George Washington Papers
Documents filtered by: Recipient="Parsons, Samuel Holden" AND Recipient="Parsons, Samuel Holden" AND Correspondent="Parsons, Samuel Holden" AND Correspondent="Washington, George"
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From George Washington to Brigadier General Samuel Holden Parsons, 7 May 1777

To Brigadier General Samuel Holden Parsons

Morris Town May 7th 1777.

Dear Sir.

I have been favoured with your Letter of the 2nd Instt and am happy to hear, the order for drafting of men, is likely to be attended with so much success.

The loss of the Stores at Danbury, is to be regreted, but I cannot consider it, in the important light you seem to do. Those at Derby are to be removed, by a Resolve of Congress, and I hope, the work is begun ’ere now, having wrote Generals McDougall and Clintons pressingly upon the Subject.1 Such as are at New Haven and other places contiguous to the Sound, should be removed, as expeditiously as possible, to some interior part of the Country, where they will not be liable to be destroyed on any sudden debarkation of the Enemy. It would give me pleasure, if the situation of our Army, would justify the leaving Strong Guards of Continental Troops at every place subject to the landing of the Enemy; but as it will not, it imports us highly, to collect a respectable force at such posts and passes, as are most important and material for us to secure, and which, from their consequence, in all probability, are and will be objects of the Enemy’s attention. I must therefore request, that you will continue to forward on, all the hale and effective Troops to Peeks Kill without loss of time; Such, as are invalids or too weak to proceed yet, from Inoculation or other causes, might remain till they recover more strength, at the places where the Stores shall be removed to; they will serve as a Guard, and will aid in repelling any incursion the Enemy may attempt to make for their destruction; However, I am inclined to believe, they will pursue such measures with a great degree of caution. For tho’ they effected their design against the Stores at Danbury, yet it was with considerable loss, and they are convinced, whenever they make an impression, the Country will recur to Arms.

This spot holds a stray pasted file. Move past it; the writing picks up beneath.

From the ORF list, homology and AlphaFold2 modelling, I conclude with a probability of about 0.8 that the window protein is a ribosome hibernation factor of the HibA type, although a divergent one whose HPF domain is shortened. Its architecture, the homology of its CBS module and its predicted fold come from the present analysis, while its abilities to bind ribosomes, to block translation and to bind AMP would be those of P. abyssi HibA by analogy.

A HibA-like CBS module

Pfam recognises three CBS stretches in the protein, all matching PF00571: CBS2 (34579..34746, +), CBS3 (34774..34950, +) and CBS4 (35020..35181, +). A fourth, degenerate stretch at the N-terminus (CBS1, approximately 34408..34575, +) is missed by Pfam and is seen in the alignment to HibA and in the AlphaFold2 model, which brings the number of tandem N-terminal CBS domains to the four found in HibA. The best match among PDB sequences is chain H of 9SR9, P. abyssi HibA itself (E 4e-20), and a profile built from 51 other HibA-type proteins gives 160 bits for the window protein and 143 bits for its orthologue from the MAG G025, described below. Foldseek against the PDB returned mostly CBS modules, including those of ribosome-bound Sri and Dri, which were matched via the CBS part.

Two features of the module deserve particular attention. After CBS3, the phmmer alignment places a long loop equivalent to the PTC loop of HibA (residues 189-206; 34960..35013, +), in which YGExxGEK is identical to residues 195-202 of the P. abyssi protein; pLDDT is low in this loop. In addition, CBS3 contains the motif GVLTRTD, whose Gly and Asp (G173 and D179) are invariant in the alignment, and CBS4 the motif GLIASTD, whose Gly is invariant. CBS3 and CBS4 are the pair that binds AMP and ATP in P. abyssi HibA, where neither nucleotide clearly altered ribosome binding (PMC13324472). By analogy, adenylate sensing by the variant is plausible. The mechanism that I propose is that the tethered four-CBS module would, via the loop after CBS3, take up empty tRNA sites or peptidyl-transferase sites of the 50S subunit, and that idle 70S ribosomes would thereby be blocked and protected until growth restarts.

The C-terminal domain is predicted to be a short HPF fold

Respecting the sentence against Thompson, I wrote you fully, and the matter is with you.2 The Letter was certainly opened as you supposed, because the superscription on the cover you sent, is not the writing of any of my Family, and Mr Tilghman wrote the original.3 I am Dear Sir, Your most Obedt Servt

G. Washington

Varick transcript, DLC:GW.

3GW is referring to the cover of his letter to Parsons of 6 Mar. 1777 (see Parsons to GW, 8 April, 2 May, and GW to Parsons, 19 April). This cover has not been identified.

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